Virginia law recognizes two types of divorce: divorce from bed and board (a mensa et thoro) and a divorce from the bond of matrimony (a vinculo matrimonii).
A divorce from bed and board is a partial or qualified divorce under which the parties are legally separated from each other but are not permitted to remarry.
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Prepared by the Family Law Section of the VIRGINIA STATE BAR Given the percentage of marriages that end in divorce, anyone could be affected in some way by a separation or divorce.
Dissolving a marriage often involves property rights and financial matters, and can raise complicated legal problems, especially when children are involved.
The Family Law Section of the Virginia State Bar prepared this pamphlet to provide the public with basic answers to some of the fundamental legal questions concerning divorce and separation in Virginia.
We hope that this information will help people understand some of the complications that can arise in this area of the law.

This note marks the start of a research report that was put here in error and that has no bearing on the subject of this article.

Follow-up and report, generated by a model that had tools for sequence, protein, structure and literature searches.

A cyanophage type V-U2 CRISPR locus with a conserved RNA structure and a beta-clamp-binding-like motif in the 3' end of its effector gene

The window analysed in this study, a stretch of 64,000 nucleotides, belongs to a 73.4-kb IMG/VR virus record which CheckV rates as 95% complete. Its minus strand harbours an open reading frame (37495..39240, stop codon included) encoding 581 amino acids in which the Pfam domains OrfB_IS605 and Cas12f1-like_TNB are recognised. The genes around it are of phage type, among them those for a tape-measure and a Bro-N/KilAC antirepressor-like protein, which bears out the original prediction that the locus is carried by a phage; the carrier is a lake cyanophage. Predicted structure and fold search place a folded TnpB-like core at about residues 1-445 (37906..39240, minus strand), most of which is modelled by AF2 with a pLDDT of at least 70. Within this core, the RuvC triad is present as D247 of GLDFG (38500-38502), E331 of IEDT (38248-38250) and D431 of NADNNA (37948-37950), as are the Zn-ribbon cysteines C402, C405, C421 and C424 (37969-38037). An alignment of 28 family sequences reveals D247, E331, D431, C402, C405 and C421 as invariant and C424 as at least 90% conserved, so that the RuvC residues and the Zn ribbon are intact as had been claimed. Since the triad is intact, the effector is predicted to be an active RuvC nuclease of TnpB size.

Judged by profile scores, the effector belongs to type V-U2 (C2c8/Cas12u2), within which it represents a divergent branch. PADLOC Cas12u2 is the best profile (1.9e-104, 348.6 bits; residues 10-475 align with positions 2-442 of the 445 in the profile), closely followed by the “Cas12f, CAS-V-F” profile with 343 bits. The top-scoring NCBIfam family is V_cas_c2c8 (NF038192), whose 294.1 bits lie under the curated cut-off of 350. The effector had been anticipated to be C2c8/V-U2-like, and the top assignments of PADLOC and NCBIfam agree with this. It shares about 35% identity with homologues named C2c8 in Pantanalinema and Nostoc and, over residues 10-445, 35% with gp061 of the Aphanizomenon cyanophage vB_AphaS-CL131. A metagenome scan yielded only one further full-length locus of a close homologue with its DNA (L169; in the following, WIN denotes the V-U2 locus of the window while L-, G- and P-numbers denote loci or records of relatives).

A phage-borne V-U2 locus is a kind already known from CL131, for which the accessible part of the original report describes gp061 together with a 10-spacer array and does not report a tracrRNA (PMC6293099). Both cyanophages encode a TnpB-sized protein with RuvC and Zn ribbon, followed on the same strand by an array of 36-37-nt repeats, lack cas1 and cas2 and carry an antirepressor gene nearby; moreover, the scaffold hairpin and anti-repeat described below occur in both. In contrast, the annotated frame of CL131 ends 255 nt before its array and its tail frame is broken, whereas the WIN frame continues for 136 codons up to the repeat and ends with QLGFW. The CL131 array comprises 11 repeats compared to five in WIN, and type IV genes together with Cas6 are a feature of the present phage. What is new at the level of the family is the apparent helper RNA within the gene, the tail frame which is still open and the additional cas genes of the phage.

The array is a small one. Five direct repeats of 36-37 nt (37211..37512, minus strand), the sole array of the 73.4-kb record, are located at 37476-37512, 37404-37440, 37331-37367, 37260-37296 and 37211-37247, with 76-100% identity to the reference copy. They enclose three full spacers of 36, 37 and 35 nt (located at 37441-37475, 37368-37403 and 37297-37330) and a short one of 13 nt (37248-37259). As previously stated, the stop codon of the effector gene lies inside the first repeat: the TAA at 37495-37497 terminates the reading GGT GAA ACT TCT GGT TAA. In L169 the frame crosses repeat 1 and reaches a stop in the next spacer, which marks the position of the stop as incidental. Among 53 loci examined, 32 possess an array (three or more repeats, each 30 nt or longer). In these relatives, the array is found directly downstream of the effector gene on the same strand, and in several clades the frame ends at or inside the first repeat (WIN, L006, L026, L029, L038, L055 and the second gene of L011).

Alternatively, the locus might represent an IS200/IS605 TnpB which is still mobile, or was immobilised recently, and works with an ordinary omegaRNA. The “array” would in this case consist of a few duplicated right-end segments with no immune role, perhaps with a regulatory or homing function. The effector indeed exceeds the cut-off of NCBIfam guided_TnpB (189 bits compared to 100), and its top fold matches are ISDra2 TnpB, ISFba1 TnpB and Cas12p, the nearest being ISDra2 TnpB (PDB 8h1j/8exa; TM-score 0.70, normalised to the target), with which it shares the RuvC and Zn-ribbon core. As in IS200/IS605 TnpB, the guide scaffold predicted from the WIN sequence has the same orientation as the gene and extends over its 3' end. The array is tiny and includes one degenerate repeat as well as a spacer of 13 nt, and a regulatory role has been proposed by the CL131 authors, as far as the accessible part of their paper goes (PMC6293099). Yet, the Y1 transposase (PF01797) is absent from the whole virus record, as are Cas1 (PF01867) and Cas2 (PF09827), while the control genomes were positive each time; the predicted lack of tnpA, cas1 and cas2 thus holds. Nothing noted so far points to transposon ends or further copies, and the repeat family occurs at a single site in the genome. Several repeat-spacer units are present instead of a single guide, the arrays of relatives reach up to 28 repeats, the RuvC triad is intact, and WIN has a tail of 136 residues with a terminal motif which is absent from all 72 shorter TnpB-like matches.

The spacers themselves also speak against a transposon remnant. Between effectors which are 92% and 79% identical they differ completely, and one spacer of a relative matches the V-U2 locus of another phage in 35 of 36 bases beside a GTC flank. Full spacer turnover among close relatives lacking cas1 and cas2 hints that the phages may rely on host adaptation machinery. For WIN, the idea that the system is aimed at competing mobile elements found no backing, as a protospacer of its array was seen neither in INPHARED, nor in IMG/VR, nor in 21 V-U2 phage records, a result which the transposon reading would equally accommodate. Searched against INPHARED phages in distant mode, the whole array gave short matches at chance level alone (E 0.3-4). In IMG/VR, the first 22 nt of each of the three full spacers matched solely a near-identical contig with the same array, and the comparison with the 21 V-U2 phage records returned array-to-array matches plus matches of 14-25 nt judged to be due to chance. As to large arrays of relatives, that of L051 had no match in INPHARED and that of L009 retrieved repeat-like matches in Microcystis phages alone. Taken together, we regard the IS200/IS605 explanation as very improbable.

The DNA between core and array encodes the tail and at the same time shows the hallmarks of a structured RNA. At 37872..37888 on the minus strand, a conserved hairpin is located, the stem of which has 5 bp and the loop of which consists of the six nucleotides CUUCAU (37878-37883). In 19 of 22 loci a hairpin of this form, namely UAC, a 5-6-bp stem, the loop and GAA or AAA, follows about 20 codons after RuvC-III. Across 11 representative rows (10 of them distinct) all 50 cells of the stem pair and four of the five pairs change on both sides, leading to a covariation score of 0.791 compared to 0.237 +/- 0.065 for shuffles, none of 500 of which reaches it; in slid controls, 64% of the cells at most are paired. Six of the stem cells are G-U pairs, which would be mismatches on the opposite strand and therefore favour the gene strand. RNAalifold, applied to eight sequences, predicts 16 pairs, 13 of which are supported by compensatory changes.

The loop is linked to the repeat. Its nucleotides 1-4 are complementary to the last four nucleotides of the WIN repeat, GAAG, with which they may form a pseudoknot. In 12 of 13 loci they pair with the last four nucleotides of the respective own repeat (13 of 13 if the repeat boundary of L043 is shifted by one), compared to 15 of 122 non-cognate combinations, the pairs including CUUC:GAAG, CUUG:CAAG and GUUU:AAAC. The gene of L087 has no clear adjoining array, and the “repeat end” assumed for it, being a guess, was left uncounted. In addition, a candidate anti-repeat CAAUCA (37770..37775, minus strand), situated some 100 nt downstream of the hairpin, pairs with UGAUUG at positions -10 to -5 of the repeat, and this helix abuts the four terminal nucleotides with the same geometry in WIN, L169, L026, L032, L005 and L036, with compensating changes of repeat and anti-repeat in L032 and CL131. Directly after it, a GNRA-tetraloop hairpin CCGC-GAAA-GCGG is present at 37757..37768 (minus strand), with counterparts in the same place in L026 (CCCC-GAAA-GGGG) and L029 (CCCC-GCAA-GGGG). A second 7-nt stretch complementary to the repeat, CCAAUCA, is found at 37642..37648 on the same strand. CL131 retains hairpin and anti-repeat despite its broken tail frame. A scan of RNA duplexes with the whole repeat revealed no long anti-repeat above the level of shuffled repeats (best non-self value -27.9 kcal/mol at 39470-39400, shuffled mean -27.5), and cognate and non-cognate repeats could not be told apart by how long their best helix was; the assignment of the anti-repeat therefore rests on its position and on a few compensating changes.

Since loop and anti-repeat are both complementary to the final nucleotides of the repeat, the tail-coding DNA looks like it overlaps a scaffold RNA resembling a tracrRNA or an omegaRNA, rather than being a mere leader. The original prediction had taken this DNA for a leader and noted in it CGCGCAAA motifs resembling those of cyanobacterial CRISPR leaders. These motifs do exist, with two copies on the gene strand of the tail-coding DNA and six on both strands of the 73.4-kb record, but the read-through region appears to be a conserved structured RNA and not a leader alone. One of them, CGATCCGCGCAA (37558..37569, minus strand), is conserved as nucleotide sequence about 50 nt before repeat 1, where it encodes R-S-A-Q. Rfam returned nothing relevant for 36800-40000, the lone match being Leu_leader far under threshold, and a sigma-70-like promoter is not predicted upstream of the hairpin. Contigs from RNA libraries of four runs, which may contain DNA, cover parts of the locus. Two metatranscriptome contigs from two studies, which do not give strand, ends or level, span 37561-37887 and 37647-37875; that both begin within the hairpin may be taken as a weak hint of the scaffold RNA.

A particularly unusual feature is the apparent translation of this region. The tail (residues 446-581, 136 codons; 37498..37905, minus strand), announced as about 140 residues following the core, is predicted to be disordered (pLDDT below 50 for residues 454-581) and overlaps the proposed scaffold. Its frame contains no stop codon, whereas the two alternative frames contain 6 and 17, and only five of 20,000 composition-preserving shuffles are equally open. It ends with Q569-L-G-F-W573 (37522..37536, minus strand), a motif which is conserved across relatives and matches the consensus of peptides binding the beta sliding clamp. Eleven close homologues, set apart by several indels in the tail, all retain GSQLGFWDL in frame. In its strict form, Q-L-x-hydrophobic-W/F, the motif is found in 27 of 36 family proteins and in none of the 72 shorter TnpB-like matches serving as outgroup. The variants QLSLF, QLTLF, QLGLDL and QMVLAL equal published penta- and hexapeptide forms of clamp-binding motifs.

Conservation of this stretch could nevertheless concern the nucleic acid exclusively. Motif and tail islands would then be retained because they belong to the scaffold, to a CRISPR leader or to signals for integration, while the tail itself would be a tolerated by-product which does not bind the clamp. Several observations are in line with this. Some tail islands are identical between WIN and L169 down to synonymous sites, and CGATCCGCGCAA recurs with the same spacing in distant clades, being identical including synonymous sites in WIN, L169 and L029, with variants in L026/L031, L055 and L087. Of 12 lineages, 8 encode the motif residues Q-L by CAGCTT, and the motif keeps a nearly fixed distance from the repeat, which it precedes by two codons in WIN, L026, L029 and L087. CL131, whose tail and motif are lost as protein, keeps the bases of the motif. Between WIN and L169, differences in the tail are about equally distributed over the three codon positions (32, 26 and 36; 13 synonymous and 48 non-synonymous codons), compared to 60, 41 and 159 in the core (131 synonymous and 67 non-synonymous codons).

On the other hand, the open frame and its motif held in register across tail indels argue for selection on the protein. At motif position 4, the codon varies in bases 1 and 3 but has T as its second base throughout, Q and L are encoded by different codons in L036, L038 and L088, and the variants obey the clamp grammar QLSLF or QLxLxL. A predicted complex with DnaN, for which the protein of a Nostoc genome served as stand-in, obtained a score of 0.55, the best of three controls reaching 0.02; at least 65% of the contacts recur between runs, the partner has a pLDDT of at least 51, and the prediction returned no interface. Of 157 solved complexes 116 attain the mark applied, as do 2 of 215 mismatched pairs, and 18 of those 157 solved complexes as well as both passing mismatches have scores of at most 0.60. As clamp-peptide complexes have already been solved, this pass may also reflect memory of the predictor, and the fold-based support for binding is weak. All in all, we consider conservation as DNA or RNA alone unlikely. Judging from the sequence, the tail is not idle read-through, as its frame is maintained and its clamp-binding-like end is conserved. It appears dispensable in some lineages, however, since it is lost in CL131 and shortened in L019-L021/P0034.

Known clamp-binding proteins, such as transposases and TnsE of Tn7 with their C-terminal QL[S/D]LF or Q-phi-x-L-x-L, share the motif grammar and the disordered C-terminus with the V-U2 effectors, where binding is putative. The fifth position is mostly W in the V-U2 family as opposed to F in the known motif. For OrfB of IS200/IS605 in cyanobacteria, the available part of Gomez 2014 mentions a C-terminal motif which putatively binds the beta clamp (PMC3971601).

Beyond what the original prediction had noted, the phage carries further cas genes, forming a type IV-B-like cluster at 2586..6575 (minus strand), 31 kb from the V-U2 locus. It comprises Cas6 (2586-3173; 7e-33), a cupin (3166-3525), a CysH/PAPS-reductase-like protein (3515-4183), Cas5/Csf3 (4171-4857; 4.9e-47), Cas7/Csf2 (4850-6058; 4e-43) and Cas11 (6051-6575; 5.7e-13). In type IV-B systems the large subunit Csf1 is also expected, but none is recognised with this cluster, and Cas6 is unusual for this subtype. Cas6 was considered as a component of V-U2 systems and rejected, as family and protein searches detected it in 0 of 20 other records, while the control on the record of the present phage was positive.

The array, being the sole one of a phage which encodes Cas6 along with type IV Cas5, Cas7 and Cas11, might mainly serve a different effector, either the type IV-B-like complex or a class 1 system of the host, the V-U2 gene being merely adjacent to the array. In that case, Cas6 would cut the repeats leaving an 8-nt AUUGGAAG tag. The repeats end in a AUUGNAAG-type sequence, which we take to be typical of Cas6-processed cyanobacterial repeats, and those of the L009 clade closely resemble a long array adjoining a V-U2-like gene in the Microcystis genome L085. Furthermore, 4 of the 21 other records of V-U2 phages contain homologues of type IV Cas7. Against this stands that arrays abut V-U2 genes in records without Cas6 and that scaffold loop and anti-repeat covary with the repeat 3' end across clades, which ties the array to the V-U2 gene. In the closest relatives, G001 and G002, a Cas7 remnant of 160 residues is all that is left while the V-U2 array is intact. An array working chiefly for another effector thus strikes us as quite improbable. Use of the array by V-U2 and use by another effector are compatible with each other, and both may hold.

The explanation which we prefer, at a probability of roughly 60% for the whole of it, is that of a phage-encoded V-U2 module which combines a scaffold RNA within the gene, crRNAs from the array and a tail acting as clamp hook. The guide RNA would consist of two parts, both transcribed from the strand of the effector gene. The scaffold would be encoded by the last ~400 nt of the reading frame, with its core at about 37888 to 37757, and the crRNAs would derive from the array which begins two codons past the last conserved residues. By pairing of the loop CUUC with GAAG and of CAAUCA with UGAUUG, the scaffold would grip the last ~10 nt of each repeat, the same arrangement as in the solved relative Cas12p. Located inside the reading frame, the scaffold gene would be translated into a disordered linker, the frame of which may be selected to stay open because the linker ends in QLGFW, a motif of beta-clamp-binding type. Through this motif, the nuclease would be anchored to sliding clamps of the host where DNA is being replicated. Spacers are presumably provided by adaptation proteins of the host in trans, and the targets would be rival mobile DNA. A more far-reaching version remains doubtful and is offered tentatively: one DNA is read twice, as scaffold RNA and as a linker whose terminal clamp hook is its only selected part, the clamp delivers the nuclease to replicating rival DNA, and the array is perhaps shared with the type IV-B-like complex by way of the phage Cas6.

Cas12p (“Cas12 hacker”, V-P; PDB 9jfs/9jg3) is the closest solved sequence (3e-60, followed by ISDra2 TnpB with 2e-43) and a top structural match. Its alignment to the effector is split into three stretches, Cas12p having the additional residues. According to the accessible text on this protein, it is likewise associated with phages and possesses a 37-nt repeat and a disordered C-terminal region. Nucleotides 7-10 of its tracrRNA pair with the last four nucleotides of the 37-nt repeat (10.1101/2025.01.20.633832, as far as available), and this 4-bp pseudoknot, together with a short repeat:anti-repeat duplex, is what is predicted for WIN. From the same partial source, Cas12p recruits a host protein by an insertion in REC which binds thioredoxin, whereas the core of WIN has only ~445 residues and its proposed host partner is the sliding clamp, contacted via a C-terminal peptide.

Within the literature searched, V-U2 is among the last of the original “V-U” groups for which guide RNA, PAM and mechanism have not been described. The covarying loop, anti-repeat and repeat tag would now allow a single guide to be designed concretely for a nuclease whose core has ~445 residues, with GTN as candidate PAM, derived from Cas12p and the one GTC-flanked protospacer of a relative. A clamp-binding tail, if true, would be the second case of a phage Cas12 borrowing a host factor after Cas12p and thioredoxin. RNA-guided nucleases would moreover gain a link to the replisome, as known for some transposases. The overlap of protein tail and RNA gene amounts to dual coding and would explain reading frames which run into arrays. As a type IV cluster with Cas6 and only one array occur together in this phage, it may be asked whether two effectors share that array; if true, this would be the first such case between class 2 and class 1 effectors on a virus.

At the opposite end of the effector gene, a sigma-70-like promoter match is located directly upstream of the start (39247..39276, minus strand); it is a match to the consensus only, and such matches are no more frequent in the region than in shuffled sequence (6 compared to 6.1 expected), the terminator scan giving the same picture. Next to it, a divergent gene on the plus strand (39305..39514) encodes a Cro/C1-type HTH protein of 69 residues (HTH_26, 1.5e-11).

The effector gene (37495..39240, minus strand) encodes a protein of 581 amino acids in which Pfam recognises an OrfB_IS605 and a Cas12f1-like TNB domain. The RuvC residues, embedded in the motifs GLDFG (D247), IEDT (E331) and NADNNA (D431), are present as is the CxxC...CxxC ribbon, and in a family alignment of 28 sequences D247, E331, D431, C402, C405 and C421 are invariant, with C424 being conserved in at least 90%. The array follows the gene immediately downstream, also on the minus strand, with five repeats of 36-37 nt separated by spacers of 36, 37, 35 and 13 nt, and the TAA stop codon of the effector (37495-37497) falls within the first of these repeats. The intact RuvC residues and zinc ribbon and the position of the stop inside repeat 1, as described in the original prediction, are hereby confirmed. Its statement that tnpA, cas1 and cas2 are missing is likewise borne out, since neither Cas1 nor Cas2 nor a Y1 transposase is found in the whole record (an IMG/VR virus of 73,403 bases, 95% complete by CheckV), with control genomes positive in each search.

The law requires that "grounds" (valid reasons for divorce prescribed by law) for divorce must exist and be proven to the court even if the parties agree that a marriage should end. A mere separation by mutual consent will not be considered desertion.
Further, if one spouse leaves because the other has committed acts that legally amount to cruelty, then the spouse who leaves is not guilty of desertion.
In fact, the spouse who leaves may be awarded a divorce on the ground of cruelty or constructive desertion.
If desertion grounds exist, a suit for a divorce from bed and board may be filed with the court immediately after the separation.
If the desertion continues for more than one year from the date the parties originally separated, then the desertion is sufficient to constitute a ground for divorce from the bond of matrimony. Cruelty and reasonable apprehension of bodily harm Cruelty authorizing divorce requires acts that tend to cause bodily harm and render the spouses living together unsafe.
Mental cruelty alone is not normally a ground for divorce in Virginia.
However, if the conduct is such that it affects and endangers the mental or physical health of the divorce-seeking spouse, it may be sufficient to establish grounds for divorce.